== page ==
EDS 111 finale: Some truth in fiction thru EDS 111

Q: So was Louanne Johnson’s classroom success in the 1995 movie “Dangerous Minds” (Bruckheimer Films) a
pure work of fiction or does it have some theoretical basis?


I have always thought of myself as a person who likes to learn new things. I have a very varied interest, and for the past few years that I have been a teacher, I am most especially curious on correct education. Question is, what does that even mean?

Studying EDS 111 has helped me gain the first step towards answering this question. First, it has pointed me to the way of interesting reads, albeit long and grueling, but interesting nonetheless. Until I knew about the TPI and teaching perspectives I felt like a very little number of people understand a social reform perspective in teaching that I want to apply in my instruction. I didn’t know that they already have a name for the TPACK framework for teaching, and that it is considered a massive part of a teacher’s knowledge base, when to me it was just one of those mysterious merger of technology use and good old pedagogy. That the importance of teacher interpersonal skills had been a subject of academic
study, and teaching diverse students had always fascinated me, and I thought “while I could be a teacher of fairness and diversity, how do you teach a class of rowdy teenagers?”. In short, if the barrios have Juan Flavier, will I be able to handle that as a teacher?

Truthfully, the course had also enlightened some dark spots in my practice. Reflective practice has been a key point in any kind of teaching, and like Peter Scales (2008) said, it needs to be deliberate. If before, critical analysis of my class issues were sporadic at best, now I have realized thru the course that a continuous learning of techniques and theories would generously help me to cope with the challenges I face. My initiatives of creating a community of learning thru projects we had and wants to have will now have a name. Knowing what you are doing provides more direction and puts goals in front of you and your collective.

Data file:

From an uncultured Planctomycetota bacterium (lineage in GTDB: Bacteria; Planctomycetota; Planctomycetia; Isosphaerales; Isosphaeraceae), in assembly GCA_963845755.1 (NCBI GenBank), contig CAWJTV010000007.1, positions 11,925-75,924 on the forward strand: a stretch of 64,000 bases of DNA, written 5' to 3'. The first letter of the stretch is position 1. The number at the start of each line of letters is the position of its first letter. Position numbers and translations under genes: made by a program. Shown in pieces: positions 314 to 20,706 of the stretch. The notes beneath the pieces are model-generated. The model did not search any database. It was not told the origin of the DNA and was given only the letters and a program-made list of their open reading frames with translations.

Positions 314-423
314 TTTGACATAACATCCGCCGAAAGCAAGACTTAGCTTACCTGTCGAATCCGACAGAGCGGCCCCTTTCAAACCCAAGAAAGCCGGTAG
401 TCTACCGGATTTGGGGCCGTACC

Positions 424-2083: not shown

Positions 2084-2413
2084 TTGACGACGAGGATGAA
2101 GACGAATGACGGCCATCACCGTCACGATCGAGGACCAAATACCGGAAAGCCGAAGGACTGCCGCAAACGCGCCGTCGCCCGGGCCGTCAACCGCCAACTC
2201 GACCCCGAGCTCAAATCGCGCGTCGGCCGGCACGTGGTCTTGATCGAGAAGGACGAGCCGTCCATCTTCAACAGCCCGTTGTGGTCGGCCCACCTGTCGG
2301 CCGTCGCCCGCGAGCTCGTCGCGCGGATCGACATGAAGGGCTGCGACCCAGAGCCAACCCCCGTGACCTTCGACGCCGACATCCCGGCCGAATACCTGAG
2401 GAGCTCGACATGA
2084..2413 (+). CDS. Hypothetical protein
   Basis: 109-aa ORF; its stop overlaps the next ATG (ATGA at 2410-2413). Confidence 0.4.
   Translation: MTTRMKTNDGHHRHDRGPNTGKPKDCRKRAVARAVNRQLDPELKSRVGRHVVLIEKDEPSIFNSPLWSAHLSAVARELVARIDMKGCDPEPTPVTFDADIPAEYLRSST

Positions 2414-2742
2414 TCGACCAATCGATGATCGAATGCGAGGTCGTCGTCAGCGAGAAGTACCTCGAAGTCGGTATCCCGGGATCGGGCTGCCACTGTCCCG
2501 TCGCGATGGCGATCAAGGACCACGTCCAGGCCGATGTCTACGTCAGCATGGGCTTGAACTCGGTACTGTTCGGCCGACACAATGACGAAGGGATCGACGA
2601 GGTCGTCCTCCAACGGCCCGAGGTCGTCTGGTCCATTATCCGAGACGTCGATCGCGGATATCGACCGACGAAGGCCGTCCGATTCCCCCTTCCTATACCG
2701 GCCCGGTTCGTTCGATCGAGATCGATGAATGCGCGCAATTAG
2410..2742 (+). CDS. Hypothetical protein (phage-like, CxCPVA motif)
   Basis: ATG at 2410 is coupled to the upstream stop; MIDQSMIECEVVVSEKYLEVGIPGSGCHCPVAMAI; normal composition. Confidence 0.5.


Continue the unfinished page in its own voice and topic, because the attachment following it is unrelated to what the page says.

If I’d give myself a summative self assessment of all the new thoughts, new and old, that has been imparted in Principles of Teaching, I would create a list of the following skills whose goal is for the items to be ticked off one by one. And for those items left unchecked, they will serve as a reminder of all the things I need to learn to master, and turn my efforts into, as Reynolds (1965) calls it, ‘second nature’.

Personal list of things to master:

  • Strengthen the other complementing areas of my TPI based off of my dominant perspective 
  • Practice how to shift into all of Grasha’s teaching styles and apply when needed
  • Involve the immediate community in decision and policy making, achieving democratic professionalism in your own school; share tasks and make parents and teaching staff feel empowered thru this new mandate
  • Train staff and share the knowledge about the TPACK framework on how to optimize the available technology at work 
  • Seminars and reflection sessions on helpful objective setting, as some of my colleagues still don’t know how to set lesson objectives √
  • Share interesting theories such as Thomas Gordon’s (2003) communication techniques with students 
  • Make sure I stand my ground on being a teacher than a mother 
  • Accept that all students are able students, no playing favorites 
  • Innovate my style, methods, create novelty in my lessons and aids, deviate from being Teacher Glen sometimes 
  • Realize that I have the power to move revolutionize ethos and culture in my school, take advantage of that with the education I had from this course 
  • Attempt to create initiatives towards shaping part of the staff identity and be known as a well rounded teachers committed to both learning and teaching;
  • Meet regularly, delegate, collaborate, make a call to action
  • Be a living model that learning does not stop here 


A: Ms Johnson probably learned EDS 111.

Scales, P. (2008). The reflective teacher. Teaching in the lifelong learning sector, 7 – 26. Maidenhead, Berkshire: Open University Press.). Retrieved from http://www.mheducation.co.uk/openup/chapters/9780335222407.pdf

Scarlett, W. G., Ponte, I. C., & Singh, J. P. (2009). Building positive teacher – student relationships (Chapter 3). In Approaches to behavior and classroom management. SAGE Publications.). Retrieved from http://www.sagepub.com/sites/default/files/upm-binaries/26067_3.pdf

Simpson, D. & Bruckheimer, J. (producer). Smith, J. (director). (1995). Dangerous Minds. [motion picture]. USA.


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